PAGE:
I hope you enjoyed this glimpse into the birds we see around our yard. I’m joining the Wild Bird Wednesday blog hop. You should stop by and see some more birds.

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Hi everyone! It’s Cindy here. A few weeks ago I showed you some of the birds that were feeding on our serviceberry tree. We also have a shrub form that sets its fruit just a little later than the tree. These shrubs have been a hot bed of bird activity recently. As you will see each type of bird has their own method of feeding on the berries. Don’t forget you can click on the images to see a larger version.

Let’s start with the American Robin.

The stem is a good form of roughage.

Grasp the berry in your beak and then…

…toss your head up and pop it in your mouth.

Another bird that uses the swallow whole method is the Cedar Waxwing.

First you have to find the right berry.

Pluck the berry from the stem and…

…down the hatch it goes.

We haven’t see or heard from our Baltimore Orioles much in the past few weeks but I did see one in the serviceberry bushes enjoying some fruit.

Female or Juvenile Baltimore Oriole stabbing a serviceberry.

The last of the birds that usually snarf the berries whole is the Eastern Bluebird.

Let me see which one is the ripest.

I’ll take this one…

…but I’d prefer to take it to another tree to nibble on it.

The bluebird surprised me by flying off to another tree with the berry. He set it down on the branch and surprisingly it didn’t roll off. Then he settled in and picked away at it until it was gone.

Some of the smaller species enjoy the serviceberries too but they can’t eat them whole. Here the Tufted Titmouse demonstrates how they eat.

This berry looks tasty.

I’ll hold it in my claw so I can peck at it.

Finally one of the smallest birds in our yard, not including the hummingbirds, also enjoys eating the serviceberries. Here a Black-capped Chickadee demonstrates his method.

I like to grab the berry while it’s still attached and hold it in my claw.

It’s easy to peck at while you hold it.

Do I have some berry on my beak?

If you look closely at the last picture (click to make bigger) you can see a tiny piece of berry in the chickadee’s beak.

While I was shooting these pictures Charlie was on a photo safari of his own in the yard and captured this picture.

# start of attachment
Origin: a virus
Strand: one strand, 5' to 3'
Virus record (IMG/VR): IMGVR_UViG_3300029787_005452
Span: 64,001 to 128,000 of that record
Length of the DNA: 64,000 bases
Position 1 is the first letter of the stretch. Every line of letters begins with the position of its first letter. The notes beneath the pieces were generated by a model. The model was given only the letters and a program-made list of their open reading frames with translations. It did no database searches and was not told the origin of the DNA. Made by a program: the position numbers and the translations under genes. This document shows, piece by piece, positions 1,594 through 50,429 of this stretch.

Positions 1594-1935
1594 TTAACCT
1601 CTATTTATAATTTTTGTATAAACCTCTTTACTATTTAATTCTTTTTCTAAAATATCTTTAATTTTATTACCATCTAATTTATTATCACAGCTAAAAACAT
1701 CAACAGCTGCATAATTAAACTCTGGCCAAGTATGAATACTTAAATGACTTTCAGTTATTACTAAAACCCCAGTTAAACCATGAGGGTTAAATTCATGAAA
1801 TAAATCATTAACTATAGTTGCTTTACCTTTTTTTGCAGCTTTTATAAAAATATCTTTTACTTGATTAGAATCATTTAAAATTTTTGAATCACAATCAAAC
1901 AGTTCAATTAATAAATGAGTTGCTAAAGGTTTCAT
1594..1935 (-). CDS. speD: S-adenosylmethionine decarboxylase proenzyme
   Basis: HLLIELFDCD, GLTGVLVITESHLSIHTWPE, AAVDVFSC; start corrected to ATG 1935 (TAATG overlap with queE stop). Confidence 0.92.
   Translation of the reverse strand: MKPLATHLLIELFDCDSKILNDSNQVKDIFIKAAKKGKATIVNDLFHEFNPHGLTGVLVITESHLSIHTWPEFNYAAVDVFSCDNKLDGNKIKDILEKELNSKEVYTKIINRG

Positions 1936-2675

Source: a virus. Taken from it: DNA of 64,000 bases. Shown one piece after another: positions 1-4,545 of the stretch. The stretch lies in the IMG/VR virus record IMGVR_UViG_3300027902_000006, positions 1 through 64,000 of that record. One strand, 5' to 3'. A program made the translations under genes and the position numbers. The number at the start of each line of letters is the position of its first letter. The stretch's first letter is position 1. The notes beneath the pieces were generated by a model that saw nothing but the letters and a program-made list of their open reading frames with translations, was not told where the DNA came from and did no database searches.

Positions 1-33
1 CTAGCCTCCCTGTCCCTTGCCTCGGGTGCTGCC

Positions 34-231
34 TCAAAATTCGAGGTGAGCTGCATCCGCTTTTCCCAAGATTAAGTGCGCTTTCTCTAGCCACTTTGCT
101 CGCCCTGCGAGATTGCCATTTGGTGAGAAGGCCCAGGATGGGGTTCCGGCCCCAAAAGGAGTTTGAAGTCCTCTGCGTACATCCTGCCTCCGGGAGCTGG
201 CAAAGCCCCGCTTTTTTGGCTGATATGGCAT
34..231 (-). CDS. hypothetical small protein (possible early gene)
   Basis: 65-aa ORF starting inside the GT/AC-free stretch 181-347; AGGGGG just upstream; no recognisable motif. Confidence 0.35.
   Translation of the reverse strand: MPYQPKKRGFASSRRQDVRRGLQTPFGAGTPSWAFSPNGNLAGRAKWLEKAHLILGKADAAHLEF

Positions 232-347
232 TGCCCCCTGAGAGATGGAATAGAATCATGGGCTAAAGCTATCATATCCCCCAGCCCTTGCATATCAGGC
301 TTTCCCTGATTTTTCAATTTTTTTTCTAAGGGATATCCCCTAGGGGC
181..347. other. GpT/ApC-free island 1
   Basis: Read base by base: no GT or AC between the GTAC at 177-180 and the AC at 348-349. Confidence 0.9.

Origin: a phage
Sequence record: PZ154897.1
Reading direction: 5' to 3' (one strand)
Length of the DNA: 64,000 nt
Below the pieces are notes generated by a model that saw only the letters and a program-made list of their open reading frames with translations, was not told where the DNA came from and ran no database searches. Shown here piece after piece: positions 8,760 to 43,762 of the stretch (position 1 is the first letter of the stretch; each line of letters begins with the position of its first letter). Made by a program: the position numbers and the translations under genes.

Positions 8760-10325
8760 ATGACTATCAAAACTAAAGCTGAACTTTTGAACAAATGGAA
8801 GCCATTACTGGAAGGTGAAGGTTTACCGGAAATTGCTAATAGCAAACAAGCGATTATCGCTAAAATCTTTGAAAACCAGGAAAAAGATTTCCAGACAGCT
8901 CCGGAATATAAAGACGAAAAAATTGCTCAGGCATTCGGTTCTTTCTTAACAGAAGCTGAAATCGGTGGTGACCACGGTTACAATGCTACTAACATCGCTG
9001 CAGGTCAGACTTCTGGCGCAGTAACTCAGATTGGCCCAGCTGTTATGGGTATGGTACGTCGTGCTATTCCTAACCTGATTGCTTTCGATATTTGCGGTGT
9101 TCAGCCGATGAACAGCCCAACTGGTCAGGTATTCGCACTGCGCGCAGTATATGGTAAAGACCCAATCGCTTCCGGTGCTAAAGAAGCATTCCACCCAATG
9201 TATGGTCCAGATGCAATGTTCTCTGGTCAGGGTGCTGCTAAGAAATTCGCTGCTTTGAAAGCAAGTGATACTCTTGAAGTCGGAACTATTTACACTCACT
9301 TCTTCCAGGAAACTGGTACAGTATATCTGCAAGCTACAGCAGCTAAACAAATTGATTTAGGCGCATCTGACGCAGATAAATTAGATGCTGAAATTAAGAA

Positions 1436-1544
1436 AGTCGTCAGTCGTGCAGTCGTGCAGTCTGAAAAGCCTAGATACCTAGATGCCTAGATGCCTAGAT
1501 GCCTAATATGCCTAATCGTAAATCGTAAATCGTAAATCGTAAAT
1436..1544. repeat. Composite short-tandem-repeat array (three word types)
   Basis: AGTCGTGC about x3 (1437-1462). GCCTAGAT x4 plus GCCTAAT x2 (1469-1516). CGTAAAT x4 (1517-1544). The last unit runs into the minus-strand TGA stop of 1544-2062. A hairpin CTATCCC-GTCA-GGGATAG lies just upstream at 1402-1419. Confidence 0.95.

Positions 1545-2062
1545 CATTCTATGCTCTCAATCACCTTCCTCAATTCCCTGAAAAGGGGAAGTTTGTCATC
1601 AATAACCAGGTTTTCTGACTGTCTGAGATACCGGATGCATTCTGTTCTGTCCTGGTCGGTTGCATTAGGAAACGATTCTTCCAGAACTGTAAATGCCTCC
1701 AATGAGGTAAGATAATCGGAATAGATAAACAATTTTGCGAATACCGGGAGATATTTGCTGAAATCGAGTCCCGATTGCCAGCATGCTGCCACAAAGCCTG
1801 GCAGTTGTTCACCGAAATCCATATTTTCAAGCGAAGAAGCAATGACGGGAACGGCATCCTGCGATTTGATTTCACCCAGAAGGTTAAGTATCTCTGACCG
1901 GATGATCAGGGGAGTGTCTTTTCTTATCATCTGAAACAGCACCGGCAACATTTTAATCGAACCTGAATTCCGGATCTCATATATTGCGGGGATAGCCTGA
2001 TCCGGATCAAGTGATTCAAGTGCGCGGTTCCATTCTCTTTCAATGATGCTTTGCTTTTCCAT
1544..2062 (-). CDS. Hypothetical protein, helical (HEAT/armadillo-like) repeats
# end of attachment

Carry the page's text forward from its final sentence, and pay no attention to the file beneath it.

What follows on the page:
This is how I get pictures of such small birds.

Here I am shooting pictures with my new FujiFilm X-T3 camera. I have a 100-400 mm lens and a 1.4x multiplier. As you can see I am hand holding the camera. I could never do that with my old Nikon. This set up weighs about 4.7 pounds (2.1 kg) compared to the Nikon equivalent that weighed over 9.5 lbs (4.3 kg). I do use a monopod occasionally for extra stability and to lighten the load from hanging around my neck. I’m really enjoying getting back into bird photography. Our yard is so full of bird activity right now I’m having a difficult time keeping up with all the pictures I’m taking.

I hope you enjoyed this glimpse into the birds we see around our yard. I’m joining the Wild Bird Wednesday blog hop. You should stop by and see some more birds.

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Hi everyone! It’s Cindy here to tell you about some of the wild bird excitement we’ve had in the past few days. On Saturday morning we saw a Baltimore Oriole feeding from our hummingbird feeder.

Male Baltimore Oriole on hummingbird feeder

In a short time we were able to see at least 3 male Orioles and one female.

Male Baltimore Oriole on hummingbird feeder while female waits her turn

One of the things Orioles like to eat from are fruits and oranges are a favorite. Since we had a supply of oranges in the fridge Charlie decided to make an orange feeder. After a little while in his workshop an orange feeder was created.

An orange feeder with room for half an orange on each side.

All it took were a few scraps of wood (that were already treated with protective coating) and a sturdy piece of wire salvaged from an old bookcase. A couple of screw eyes to hang it with and we were in business.

We put the orange feeder just a few feet away from the hummingbird feeder and within minutes the orioles were exploring it.

Sometimes there was even a waiting line in the tree above the feeder and other times there was an oriole on both sides.

In the morning when I take the dogs out for their first “business” run I now add orange feeder maintenance to the routine.

A well used orange

Needless to say the new feeder is a hit with the orioles. We think we have at least 2 males and 2 females so we are hoping they stick around all summer so we might get to see their babies too. Most summers we’ve had glimpses of orioles around our property but this is the first year we’ve ever had them come to our hummingbird feeders so we hope to see much more of them.